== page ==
2. Cost: The difficulty of replacing anodised coatings can mean that machine parts exposed to prolonged wear need to be entirely replaced once the anodised coating wears down. Anodising is typically used on components within a larger assembly. Like most coatings, anodising will wear down with use and when the anodising coating wears the larger assembly could fail. It may be possible to replace the coating, although often the component part is destroyed when the coating wears. It may require a new component plus coating, or in extreme cases, the failure may cause damage rendering the entire assembly unusable. Whilst the initial price of the coating may appear good value, the lifetime cost of the assembly should be considered taking into account replacements and retrofits. 
  3. Wear resistance: Although anodising does greatly increase the wear resistance of metals, there is always room for improvements. In particular, the tendency for anodic oxide layers to form with cracks mean they tend to deal badly with extreme changes in temperature. Any technology that can offer longer lasting surfaces is welcome, as is any technology capable of guarding against the creep and cracking risks that can come with anodised metals.

In a world increasingly concerned with issues surrounding the environment, energy consumption, and costs, the future of anodising should be green, long lasting, and cost effective.

PEO makes it new

Plasma electrolytic oxidation (PEO) is an exciting extension of anodising. Although first used by the USSR to lightweight space rockets, Keronite have pioneered the possibility of using PEO in a wide range of performance-led applications and consumer markets (not just those with the budget of a national space program). Like anodising, PEO involves the formation of a strong, inert surface by passing an electric current through a metal placed in an electrolyte solution. There are some crucial differences:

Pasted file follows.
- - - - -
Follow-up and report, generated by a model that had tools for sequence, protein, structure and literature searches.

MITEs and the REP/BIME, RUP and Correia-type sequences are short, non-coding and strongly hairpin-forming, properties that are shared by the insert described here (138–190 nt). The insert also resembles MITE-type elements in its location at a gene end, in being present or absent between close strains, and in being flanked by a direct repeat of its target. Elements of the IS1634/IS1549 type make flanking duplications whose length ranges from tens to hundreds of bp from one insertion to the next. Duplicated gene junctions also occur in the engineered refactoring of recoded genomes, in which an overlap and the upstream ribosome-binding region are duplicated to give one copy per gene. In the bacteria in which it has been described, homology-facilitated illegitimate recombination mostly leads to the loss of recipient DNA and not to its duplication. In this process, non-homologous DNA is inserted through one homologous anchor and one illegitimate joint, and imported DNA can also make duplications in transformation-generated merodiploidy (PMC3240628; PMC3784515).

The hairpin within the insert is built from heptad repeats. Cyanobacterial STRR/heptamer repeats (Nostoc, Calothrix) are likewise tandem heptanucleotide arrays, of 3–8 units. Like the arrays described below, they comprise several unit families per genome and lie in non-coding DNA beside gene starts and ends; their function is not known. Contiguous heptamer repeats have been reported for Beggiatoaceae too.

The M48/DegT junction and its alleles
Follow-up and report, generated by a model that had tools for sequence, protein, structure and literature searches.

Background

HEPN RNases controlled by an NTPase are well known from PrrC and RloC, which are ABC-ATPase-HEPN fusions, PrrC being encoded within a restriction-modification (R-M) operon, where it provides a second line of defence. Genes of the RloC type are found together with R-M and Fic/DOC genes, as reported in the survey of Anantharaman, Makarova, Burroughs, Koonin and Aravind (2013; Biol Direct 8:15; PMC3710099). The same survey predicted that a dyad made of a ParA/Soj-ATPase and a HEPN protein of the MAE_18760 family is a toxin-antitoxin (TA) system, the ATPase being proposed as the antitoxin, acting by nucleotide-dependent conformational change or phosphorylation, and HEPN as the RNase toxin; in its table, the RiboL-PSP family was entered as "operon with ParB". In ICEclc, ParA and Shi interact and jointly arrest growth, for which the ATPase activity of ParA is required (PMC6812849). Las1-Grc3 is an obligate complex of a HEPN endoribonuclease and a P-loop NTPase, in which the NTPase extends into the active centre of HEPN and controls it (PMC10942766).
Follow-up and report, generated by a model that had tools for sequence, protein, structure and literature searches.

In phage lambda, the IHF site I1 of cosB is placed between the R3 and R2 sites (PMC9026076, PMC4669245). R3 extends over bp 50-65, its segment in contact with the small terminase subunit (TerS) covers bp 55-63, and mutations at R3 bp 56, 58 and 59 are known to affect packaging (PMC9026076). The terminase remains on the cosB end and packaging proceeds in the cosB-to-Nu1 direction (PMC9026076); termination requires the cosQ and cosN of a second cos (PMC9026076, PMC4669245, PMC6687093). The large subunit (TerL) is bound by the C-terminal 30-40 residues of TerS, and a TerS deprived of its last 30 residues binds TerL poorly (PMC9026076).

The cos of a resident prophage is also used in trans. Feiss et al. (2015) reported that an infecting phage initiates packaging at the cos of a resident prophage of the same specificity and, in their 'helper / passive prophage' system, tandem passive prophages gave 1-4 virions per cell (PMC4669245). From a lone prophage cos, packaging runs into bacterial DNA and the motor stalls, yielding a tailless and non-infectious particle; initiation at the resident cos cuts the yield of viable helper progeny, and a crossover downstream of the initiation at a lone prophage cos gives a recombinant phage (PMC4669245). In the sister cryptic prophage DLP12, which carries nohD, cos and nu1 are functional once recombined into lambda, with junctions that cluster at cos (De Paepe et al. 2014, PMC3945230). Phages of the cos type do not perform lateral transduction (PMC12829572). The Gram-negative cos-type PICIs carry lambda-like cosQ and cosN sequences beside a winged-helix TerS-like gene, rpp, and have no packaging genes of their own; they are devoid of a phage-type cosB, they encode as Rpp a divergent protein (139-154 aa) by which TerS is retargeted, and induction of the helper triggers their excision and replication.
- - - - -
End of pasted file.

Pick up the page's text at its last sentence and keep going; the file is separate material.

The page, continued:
• PEO uses much higher voltages than anodising, creating plasma discharges at the surface of the metal that lead to a ceramic surface coating.
  • The resultant surface has a crystalline structure that can lead to 2-4x the strength of anodised surfaces.
  • The microstructure of PEO coatings take an irregular form and so avoid being susceptible to cracking.
  • No toxic waste products are produced as a result of PEO.
  • A wide range of electrolytes can be used to change the material properties of the ceramic coating, including its porosity.

Every aspect of the PEO process can be controlled with a great degree of accuracy. Small changes can cause major aesthetic and material changes in the wear-resistant surface produced, and Keronite’s scientists continue to perform extensive tests in order to guarantee that their PEO surfaces are optimised for specific purposes.

As new, highly innovative surface coating technologies are appearing, the benefits of standard and hard anodising are becoming less impressive. For integral components, a higher performance coating may be required. Get in touch with the Keronite engineers today, to see if Keronite can deliver a custom PEO-induced ceramic coating that helps your components excel.